House Judiciary Committee Chairman Jim Jordan (R-Ohio) sent Bragg a letter chastising him for his Trump-related probe. But Washington Post opinion columnist Jennifer Rubin, a Never Trumper, argues Jordan was out of line when he presumed to tell the Manhattan prosecutor how to do his job.
"MAGA Republicans, devoid of policy solutions and addicted to performance politics, act as if their House majority invests them with the power to rove the landscape to spot MAGA victims, skewer their enemies and defend their political allies," Rubin complains in a March 27 column. "That's not their job, and, as we are seeing with their attempt to intimidate Manhattan District Attorney Alvin Bragg in his investigation of defeated former president Donald Trump, it's a gross abuse of congressional power. For starters, Congress has no business meddling with any ongoing investigation at any level."
Jordan and other Trump allies in Congress, the columnist emphasizes, are not "a supercharged prosecutorial supervisor."
"In our system of separation of powers," Rubin explains, "the duty to investigate and prosecute rests with the executive branch, either at the state or federal level. Attempts to politicize prosecutions and turn prosecutors into lackeys of right-wing legislatures is a dangerous trend that strikes at the heart of the impartial administration of justice and the rule of law. But it's not only Congress that is seeking to abuse prosecutorial independence."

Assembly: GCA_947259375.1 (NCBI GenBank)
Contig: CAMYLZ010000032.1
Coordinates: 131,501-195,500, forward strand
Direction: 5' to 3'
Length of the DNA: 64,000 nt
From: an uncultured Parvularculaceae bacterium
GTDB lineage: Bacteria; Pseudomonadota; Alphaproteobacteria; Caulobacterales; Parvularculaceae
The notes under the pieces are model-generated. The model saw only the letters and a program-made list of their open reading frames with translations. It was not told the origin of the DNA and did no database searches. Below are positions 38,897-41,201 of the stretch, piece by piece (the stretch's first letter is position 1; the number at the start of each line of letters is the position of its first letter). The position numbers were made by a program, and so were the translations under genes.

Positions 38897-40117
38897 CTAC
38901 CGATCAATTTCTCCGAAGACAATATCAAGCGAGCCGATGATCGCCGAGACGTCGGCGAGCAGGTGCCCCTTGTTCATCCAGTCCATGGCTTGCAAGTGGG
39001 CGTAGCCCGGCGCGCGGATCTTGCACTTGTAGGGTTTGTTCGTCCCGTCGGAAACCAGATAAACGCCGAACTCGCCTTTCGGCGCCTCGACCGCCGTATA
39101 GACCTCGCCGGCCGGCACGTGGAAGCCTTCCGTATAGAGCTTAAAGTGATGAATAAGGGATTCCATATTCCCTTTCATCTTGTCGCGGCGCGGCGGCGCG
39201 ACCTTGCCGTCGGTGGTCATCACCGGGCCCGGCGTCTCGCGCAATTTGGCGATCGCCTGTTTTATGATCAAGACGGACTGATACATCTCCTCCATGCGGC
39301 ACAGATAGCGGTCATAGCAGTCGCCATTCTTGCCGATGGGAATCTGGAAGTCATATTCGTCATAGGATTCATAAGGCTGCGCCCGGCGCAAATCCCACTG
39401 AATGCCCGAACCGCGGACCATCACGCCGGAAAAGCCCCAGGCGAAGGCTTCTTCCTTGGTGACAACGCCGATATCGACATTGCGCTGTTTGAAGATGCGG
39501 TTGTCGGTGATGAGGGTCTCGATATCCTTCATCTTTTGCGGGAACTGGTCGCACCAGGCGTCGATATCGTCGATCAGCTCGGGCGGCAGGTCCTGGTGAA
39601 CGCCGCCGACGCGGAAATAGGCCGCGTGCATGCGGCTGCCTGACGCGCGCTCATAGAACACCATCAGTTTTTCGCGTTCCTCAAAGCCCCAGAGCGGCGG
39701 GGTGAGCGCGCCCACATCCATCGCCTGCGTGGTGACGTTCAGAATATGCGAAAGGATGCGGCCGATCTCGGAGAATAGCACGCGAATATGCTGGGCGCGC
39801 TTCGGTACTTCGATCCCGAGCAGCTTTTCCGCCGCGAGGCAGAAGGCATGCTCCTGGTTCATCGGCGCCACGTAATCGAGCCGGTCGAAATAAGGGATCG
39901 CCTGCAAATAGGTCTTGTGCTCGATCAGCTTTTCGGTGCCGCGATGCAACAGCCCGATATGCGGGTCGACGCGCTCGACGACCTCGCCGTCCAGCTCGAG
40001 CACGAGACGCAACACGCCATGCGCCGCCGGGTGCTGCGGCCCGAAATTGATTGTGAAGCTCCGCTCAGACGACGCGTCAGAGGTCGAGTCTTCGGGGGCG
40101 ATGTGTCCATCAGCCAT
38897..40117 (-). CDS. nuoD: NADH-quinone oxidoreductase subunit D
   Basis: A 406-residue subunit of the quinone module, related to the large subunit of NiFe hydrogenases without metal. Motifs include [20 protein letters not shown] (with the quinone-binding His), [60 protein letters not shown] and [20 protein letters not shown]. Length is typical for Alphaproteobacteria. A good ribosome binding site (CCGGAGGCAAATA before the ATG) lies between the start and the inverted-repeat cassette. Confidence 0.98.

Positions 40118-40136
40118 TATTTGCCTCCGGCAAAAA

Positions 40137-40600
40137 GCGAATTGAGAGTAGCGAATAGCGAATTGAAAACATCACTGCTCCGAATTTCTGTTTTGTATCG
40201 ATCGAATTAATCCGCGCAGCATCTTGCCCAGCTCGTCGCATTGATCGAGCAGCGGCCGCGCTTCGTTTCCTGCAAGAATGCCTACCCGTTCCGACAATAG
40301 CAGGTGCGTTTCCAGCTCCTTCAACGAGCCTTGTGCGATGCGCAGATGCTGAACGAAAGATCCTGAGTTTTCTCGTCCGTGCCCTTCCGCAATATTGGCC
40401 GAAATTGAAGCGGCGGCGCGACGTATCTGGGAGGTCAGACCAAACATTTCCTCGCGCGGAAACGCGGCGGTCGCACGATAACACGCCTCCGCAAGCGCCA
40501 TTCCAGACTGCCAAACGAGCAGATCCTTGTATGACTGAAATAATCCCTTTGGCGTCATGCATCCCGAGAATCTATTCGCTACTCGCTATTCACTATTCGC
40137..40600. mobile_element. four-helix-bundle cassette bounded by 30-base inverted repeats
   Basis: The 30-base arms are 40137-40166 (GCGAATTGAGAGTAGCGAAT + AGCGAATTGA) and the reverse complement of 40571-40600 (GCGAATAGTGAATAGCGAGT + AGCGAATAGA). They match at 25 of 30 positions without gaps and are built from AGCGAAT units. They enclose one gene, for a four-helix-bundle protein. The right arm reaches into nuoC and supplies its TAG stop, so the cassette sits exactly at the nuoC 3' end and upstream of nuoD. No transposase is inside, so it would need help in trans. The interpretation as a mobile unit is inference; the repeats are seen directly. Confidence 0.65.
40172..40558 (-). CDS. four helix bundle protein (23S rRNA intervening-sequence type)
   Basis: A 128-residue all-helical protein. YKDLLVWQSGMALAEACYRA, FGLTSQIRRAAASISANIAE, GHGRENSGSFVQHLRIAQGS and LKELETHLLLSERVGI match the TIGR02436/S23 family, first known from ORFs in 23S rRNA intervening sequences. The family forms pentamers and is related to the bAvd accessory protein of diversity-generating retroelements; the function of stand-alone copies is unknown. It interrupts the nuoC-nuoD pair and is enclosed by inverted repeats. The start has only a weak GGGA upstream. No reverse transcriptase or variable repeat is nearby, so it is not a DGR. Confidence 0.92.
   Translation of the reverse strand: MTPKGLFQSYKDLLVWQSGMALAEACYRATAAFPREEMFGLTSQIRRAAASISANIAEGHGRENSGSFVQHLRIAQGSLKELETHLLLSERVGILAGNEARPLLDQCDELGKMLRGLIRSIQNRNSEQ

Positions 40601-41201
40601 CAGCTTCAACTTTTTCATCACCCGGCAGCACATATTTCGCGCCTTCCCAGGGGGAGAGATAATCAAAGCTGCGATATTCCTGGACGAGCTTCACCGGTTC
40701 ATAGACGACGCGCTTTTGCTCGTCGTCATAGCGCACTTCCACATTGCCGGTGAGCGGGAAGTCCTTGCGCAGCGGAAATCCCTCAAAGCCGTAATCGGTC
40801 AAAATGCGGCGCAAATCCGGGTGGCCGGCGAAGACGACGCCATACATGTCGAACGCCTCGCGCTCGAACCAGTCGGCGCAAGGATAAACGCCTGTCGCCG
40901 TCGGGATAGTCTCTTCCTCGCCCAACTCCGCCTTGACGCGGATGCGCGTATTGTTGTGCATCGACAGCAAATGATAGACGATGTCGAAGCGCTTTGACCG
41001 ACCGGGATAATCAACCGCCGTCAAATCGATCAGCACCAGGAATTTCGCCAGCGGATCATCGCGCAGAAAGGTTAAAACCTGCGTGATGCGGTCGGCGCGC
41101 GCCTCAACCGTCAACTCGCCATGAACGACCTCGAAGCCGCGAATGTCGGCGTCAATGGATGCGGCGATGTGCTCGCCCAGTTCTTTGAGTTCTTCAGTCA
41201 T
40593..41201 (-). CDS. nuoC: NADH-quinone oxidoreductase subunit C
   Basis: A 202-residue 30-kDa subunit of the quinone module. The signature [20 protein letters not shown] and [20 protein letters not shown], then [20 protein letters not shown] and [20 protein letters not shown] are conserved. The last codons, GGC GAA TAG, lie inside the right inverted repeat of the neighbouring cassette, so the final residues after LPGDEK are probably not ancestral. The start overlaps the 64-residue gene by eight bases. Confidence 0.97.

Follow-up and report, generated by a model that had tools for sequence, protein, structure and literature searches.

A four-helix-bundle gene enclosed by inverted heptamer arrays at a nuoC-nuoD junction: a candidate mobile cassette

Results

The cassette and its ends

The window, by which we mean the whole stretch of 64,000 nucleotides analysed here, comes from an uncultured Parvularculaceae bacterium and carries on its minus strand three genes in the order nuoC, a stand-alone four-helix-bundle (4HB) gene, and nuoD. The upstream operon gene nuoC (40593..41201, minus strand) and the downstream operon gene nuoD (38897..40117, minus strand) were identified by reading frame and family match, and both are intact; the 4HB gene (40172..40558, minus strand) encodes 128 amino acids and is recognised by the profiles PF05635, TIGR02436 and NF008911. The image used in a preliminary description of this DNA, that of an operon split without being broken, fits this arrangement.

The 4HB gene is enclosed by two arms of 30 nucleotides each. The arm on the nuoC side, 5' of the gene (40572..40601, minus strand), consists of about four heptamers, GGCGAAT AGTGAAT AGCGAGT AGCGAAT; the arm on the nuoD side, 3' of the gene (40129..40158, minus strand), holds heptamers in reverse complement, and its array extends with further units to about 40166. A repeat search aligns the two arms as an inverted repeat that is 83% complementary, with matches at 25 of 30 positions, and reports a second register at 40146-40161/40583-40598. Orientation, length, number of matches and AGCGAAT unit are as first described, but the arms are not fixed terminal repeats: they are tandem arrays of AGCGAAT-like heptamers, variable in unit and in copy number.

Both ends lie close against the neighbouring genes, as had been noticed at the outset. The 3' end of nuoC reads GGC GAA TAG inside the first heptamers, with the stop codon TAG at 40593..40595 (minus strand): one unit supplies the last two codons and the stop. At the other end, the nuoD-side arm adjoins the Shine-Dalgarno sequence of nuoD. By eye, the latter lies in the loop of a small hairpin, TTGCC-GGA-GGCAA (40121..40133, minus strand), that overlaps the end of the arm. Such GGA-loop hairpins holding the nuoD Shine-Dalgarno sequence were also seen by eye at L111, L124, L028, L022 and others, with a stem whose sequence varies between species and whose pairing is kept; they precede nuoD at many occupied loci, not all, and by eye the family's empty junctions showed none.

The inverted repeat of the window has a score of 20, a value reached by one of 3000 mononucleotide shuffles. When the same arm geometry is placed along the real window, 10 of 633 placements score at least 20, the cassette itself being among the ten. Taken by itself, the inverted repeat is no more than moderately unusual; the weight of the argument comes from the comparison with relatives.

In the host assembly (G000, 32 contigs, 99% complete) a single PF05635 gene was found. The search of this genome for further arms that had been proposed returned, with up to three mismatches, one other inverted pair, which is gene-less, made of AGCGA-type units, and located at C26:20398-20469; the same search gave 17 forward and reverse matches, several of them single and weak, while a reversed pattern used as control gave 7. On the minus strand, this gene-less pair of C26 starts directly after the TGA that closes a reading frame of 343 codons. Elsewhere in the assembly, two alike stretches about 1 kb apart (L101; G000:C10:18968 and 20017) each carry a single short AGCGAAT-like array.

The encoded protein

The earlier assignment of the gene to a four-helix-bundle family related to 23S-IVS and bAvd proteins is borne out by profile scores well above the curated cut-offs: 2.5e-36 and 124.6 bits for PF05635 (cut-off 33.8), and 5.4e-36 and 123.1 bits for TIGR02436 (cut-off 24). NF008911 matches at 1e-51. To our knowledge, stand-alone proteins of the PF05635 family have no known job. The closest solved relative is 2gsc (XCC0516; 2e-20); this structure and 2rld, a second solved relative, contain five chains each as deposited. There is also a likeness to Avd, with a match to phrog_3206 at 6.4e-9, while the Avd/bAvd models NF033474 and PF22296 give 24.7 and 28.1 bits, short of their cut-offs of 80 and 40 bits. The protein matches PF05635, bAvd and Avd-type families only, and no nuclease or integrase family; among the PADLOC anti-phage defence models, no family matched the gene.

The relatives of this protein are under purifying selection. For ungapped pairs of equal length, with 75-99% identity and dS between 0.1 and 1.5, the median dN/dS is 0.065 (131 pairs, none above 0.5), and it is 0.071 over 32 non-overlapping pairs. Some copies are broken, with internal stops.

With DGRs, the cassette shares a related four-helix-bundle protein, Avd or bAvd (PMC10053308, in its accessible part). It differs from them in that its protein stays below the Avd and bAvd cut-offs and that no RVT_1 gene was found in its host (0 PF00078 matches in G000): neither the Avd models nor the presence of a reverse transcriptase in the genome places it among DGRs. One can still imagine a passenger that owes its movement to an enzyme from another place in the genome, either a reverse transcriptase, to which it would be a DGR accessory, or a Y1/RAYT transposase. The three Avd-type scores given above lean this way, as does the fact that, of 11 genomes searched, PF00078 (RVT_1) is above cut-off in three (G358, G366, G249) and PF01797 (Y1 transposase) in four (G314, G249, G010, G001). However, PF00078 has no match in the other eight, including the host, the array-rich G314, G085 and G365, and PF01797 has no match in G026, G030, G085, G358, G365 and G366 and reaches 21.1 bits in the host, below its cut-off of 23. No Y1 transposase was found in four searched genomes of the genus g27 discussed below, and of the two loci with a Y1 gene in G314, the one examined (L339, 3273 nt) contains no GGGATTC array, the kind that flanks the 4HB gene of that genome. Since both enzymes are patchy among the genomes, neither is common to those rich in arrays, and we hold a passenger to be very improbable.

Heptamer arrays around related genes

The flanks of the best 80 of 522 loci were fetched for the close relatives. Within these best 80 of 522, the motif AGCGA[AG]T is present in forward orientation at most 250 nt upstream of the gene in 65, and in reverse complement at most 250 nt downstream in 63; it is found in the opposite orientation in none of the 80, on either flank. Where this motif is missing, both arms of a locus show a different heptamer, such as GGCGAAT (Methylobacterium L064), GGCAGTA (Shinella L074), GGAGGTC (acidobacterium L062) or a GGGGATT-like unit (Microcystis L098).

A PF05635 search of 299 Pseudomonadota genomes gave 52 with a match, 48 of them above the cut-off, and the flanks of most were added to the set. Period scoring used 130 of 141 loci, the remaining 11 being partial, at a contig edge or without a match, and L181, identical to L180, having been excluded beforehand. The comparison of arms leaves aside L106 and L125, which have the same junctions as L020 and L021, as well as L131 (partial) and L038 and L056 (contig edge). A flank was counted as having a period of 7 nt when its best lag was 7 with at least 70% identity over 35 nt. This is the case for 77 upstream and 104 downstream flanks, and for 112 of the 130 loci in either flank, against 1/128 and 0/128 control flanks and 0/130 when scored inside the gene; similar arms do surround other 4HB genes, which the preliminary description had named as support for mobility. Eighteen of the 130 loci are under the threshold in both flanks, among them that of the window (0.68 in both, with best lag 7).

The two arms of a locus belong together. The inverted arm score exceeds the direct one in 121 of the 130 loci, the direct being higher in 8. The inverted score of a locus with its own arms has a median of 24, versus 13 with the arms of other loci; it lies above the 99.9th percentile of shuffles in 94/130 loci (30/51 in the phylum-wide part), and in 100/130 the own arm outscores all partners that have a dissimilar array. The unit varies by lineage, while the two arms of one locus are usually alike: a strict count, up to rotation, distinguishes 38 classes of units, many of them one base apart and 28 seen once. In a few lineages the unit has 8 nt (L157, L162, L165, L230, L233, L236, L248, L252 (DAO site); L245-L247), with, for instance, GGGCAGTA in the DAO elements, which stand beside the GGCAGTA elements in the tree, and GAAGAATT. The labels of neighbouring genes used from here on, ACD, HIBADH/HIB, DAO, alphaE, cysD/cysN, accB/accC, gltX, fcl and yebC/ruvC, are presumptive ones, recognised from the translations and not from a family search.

The Post columnist, who often voted GOP in the past but has been a scathing critic of Trump and the MAGA movement, goes on to note that Republican Florida Gov. Ron DeSantis "removed Hillsborough County prosecutor Andrew Warren for, among other reasons, decrying abortion restrictions and bans on gender-affirming care." And she notes that in Georgia, Republicans are hoping to undermine "prosecutorial independence" by proposing a board that would allow them to fire local prosecutors.
MAGA Republicans, Rubin stresses, need to let prosecutors do their jobs — and that includes Judiciary Chairman Jordan.
"It doesn't matter if Jordan and his cohorts actually believe Bragg is abusing his office," Rubin writes. "It doesn’t matter if Bragg actually were using poor judgment in exercise of his prosecutorial discretion. It is not Congress' job to 'fix' these things. Congress is confined to its limited constitutional role. That, too, is what we call the "rule of law.'"